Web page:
The shale gas moratorium just might survive New Brunswick's new Progressive Conservative minority government.

Premier Blaine Higgs says he plans to put the idea of lifting part of the moratorium to a vote, but even the People's Alliance don't seem to be on his side this time.

Almost four years ago, then-premier Brian Gallant introduced legislation that placed a moratorium on fracking in New Brunswick.

Since then, there's been talk of what it will take to lift that moratorium.

“I remember it coming into the legislature and in order for a change to be made, it's got to come back,” said Higgs.

Higgs thinks they have the right idea by only lifting the moratorium in one area -- Sussex -- where companies like Corridor Resources had been extracting shale gas for several years before the ban.

“I thought a good compromise was a region that wants to proceed and it doesn't mean everybody,” Higgs said. “I said it this morning. Everybody shouldn't descend on Sussex and oppose this, they should say well let this region do what they want to do.”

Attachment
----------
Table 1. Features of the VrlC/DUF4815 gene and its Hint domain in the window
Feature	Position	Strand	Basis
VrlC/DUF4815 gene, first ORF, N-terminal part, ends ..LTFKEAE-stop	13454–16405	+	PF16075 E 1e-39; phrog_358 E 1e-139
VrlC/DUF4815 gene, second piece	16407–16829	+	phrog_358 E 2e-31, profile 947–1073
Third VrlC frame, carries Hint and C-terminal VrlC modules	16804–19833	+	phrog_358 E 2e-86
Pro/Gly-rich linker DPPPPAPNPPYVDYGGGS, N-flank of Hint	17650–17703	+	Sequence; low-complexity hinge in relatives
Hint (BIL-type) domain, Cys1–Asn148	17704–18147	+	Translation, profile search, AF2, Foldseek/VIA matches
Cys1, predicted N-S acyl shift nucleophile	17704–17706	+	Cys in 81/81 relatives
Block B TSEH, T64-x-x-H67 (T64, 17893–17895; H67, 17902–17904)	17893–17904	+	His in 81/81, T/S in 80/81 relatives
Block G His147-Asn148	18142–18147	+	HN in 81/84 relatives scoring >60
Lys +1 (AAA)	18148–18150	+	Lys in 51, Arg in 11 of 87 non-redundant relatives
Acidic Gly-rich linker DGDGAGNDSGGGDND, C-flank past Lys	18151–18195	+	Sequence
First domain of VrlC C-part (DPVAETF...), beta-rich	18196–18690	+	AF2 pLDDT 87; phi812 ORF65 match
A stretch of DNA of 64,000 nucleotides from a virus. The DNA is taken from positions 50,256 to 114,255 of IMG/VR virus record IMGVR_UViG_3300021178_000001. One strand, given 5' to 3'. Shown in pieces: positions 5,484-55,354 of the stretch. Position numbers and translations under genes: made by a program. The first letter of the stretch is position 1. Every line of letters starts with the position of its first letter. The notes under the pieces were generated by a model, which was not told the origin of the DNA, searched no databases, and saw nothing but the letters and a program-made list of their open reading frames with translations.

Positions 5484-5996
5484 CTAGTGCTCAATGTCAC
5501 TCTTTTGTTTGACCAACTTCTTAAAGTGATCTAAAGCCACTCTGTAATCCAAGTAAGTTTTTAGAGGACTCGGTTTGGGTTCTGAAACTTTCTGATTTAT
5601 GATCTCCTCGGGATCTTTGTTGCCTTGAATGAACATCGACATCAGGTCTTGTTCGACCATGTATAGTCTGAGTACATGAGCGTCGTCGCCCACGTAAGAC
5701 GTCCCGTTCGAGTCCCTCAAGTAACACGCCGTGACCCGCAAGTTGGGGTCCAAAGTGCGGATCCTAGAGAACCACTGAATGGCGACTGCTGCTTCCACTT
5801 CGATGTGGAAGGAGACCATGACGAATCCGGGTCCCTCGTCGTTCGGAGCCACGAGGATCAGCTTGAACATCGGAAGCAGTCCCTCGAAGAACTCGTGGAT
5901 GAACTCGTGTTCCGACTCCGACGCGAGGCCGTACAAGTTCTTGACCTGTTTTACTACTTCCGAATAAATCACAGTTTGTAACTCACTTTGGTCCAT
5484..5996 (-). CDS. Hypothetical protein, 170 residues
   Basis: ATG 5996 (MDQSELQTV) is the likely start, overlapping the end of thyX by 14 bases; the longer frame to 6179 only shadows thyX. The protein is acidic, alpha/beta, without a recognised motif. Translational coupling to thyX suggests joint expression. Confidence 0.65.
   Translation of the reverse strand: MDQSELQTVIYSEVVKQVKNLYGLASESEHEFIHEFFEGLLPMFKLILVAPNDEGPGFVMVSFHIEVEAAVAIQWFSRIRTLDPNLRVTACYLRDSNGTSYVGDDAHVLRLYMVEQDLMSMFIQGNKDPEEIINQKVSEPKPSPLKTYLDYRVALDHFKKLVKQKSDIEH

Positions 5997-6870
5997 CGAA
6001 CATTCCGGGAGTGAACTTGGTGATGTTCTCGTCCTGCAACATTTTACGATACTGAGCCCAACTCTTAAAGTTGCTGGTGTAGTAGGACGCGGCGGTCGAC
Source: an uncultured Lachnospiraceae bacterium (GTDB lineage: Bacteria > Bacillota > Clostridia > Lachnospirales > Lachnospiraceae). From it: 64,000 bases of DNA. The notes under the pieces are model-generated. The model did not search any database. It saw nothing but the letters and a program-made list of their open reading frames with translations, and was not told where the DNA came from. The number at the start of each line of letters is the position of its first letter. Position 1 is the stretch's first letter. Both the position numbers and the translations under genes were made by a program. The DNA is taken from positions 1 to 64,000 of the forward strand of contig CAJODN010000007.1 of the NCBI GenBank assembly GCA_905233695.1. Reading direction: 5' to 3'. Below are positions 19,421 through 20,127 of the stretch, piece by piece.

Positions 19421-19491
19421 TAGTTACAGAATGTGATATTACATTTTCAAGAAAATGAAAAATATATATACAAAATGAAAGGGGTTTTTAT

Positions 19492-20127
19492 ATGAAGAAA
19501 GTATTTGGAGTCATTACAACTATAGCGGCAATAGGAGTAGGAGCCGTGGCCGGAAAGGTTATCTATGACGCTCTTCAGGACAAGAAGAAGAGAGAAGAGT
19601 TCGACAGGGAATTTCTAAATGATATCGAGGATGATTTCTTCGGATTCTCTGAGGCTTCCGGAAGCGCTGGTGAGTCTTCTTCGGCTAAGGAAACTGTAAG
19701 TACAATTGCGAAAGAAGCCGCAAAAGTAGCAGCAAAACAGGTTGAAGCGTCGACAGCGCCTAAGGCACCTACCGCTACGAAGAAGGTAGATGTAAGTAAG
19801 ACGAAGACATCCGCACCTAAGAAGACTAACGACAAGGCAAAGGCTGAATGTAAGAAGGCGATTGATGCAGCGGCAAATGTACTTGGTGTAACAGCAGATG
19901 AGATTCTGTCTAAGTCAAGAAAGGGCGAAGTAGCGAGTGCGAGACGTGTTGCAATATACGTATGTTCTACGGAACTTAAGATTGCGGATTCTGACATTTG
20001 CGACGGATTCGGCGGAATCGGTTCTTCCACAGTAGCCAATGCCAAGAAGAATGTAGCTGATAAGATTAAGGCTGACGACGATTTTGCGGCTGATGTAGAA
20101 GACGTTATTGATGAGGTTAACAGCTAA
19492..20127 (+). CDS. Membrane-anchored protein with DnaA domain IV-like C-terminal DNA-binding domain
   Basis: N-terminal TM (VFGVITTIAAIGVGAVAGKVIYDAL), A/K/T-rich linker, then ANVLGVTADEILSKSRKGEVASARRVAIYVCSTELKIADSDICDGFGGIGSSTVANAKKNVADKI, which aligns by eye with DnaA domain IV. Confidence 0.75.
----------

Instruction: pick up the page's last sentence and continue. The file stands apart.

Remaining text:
The legislation isn't on the table yet,

and if it does go to a vote, it doesn't appear lifting the moratorium -- even partially -- will get the 25 votes it needs.

“I am not going to vote in favour of shale gas. Period,” said People's Alliance MLA Rick Desaulniers. “And, if it comes to lifting the moratorium in Sussex, I’m not going to vote for that, either.”

People's Alliance MLA Michelle Conroy said she also has concerns – about the health of residents and the environment.

“I’m leaning towards against, but I've got to go back to my people and see exactly what my constituents want,” said Peoples Alliance leader Kris Austin.

This is all a relief to Green Party Leader David Coon.

“Twenty-five is the magic number, and we're darned close to having 25 votes based on what people are saying,” he said.

To no one’s surprise, the Liberals aren't planning to vote for it either.

“If you open part of the floodgates, you basically open the whole flood gates so we feel uneasy with the partial lifting,” said Liberal MLA Benoit Bourque.

Higgs believes the facts should be put on the table before the legislation and then he hopes members will base their decision on those facts -- rather than emotion.

With files from CTV Atlantic’s Laura Brown.